While more than 80 percent of the data breaches in 2011 were due to organized criminal activity, the number of records pilfered from activist groups represented 58 percent of the total, the report finds.
In particular, hacktivists targeted corporations and big agencies, and consumer data. Activist groups accounted for more than 22 percent of the data breaches targeting large organizations. Meanwhile, 95 percent of the records compromised last year included personal information about individuals, compared with only 1 percent the year before, Verizon said.
Financially motivated cyberthieves tend to do more breaches in total than hacktivists, but grab smaller amounts of data at a time and target smaller organizations that are low-hanging fruit, according to the report.
"This new trend contrasts sharply with the data breach pattern of the past several years in which most of the data was stolen by cybercriminals whose primary motivation is financial gain," said Wade Baker, Verizon's director of risk intelligence.
In total, there were 855 data breaches across 174 million stolen records, representing the second highest data loss Verizon researchers have seen since they began compiling data in 2004. More than 80 percent used hacking, nearly 70 percent incorporated malware, and only 7 percent used social tactics.
The Ponemon Institute and Symantec released a report yesterday that found that the average total cost of a data breach last year dropped to $5.5 million from $7.2 million a year earlier. Per record, the cost dropped to $194. "It's not a huge difference, but it's not chump change either when you add up the records," said Larry Ponemon, chairman and founder of the Ponemon Institute.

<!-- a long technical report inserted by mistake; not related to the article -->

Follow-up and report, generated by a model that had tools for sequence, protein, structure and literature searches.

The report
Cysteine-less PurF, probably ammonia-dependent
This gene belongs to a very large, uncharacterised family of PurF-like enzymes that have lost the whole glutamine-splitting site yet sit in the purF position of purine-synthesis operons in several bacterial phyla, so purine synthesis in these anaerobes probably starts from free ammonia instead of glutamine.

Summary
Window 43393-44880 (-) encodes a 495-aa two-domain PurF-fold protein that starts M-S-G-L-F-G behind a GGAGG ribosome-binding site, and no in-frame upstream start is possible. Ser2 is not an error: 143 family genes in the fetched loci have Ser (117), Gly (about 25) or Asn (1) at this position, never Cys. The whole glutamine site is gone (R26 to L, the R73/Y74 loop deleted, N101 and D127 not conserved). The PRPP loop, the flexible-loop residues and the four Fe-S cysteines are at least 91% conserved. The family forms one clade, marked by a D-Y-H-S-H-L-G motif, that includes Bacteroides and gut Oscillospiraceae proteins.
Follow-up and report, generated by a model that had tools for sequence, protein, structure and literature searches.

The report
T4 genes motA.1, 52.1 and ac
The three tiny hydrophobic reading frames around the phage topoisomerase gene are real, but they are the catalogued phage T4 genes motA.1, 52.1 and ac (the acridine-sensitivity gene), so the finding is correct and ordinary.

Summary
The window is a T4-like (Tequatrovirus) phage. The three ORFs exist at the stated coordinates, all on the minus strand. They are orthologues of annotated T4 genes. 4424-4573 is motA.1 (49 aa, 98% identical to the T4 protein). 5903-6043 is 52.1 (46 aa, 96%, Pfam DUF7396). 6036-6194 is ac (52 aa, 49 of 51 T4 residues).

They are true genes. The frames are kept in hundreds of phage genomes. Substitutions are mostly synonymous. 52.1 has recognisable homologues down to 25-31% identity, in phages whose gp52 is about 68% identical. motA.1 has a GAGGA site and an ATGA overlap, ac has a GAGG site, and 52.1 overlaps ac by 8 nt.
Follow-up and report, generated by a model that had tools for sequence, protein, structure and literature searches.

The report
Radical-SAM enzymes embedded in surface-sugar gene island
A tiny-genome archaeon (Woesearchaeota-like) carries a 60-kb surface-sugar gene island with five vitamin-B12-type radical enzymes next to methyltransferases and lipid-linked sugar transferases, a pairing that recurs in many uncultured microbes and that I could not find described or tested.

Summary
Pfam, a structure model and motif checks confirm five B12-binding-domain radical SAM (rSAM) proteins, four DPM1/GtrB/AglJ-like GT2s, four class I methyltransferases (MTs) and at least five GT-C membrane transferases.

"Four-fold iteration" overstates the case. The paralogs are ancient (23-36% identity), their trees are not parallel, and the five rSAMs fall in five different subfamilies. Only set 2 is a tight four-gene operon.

Lost business costs from a breach declined 34 percent to $3 million, which includes abnormal turnover of customers, or churn, increased customer acquisition activities, reputation losses, and diminished goodwill. The average abnormal churn rate was down 18 percent. Meanwhile, malicious attacks represented 37 percent of all data breaches, negligent insiders caused 39 percent of the cases, and system glitches were attributed in 24 percent, according to Ponemon.
Not surprisingly, organizations that have a chief information security officer had lower costs for data breaches. "It is a signal that the organization has got its act together from a governance perspective and are more likely to be able to deal with a breach from a regulatory and controls standpoint," Ponemon said.